Scott Horton, in an address to a religious audience, reviews Torture and Democracy by Darius Rejali. We have discussed torture as a moral issue in class, Horton’s is a moral argument from a different perspective, but it is also a political argument, and a claim about national identity. It is an interesting piece on what sounds like a good book. The thesis:
Few societies had a more carefully charted system of torture than the Romans. They used torture much as President Bush contemplates its use, namely as a tool for interrogating enemies. They specified permitted techniques and detailed who could use it and under what circumstances. They regulated its admissibility as evidence in legal proceedings. They refrained from negative moral judgments about torture, but while embracing its use, they also noted that it really wasn’t particularly effective or useful in extracting information from subjects. The prime rule they devised is the one that Paul relies upon in Acts–they forbade torture to be used against a citizen who was uncondemned. That is to say, torture could be used as a punishment, but not in connection with interrogation.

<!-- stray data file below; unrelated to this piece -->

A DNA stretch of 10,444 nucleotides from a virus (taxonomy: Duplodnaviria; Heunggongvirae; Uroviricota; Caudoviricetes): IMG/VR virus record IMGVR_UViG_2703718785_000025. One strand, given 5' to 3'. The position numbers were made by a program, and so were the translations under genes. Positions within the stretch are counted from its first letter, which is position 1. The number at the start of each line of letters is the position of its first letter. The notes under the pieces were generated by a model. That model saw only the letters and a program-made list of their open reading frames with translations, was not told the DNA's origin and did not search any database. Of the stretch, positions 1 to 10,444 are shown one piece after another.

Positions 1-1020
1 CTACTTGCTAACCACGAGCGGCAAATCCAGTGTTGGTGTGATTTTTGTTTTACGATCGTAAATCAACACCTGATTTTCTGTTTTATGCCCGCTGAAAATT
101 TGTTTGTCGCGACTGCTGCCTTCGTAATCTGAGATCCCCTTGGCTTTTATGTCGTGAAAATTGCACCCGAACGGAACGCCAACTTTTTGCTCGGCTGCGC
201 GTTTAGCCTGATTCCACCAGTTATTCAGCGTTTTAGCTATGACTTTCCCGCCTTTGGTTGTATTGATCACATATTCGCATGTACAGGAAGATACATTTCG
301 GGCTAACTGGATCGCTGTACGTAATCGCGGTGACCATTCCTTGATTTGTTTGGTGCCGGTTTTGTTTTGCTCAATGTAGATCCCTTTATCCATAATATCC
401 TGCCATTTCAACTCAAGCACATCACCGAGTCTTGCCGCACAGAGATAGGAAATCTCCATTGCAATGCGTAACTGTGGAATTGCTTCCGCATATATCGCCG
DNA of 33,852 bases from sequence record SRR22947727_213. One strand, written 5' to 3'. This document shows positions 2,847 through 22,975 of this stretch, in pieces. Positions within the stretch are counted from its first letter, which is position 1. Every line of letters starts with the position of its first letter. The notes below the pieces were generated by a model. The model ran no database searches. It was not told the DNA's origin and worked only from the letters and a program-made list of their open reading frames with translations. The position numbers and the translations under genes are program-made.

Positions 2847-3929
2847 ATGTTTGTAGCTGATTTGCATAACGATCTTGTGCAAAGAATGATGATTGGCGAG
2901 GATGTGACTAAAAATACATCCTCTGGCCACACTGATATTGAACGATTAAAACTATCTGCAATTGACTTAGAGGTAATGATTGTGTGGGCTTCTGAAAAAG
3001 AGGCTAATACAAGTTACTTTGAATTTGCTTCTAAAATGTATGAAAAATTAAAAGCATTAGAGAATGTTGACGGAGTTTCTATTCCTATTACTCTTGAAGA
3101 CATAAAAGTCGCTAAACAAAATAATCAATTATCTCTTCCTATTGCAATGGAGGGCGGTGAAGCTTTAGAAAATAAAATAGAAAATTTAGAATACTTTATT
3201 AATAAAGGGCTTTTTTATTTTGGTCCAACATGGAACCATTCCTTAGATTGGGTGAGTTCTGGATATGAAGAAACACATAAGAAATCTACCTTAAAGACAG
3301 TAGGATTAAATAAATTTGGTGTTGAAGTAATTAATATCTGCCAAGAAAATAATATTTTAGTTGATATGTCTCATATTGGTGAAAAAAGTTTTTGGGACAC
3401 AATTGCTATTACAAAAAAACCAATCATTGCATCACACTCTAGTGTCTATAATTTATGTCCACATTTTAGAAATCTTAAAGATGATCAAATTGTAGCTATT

But Rejali tells us that the barriers and internal rules could not hold. Once torture emerged as a practice authorized by law in some circumstances it spread very quickly, and ultimately the prohibition against torturing citizens could not be sustained. Moreover, he catalogues the appearance of torture and efforts of states to control it over many centuries and in many societies, with impressive chapters on the French in the waning colonial era, the Nazis through World War II, the Soviets from the Bolshevik Revolution, the Communist Chinese, the Iranians from the time of the Shah and after his overthrow, and finally, and most surprisingly, the United States under George W. Bush. There are clear lessons to be drawn from these historical excursions, but the experience of the Romans—the most masterful state-builders of antiquity—really tells us all we need to know. Torture is a virus which cannot be effectively controlled. If permitted at all, it will undermine the integrity and worth of humanity in any society in which it is let loose. It is the ultimate social agent of corrosion.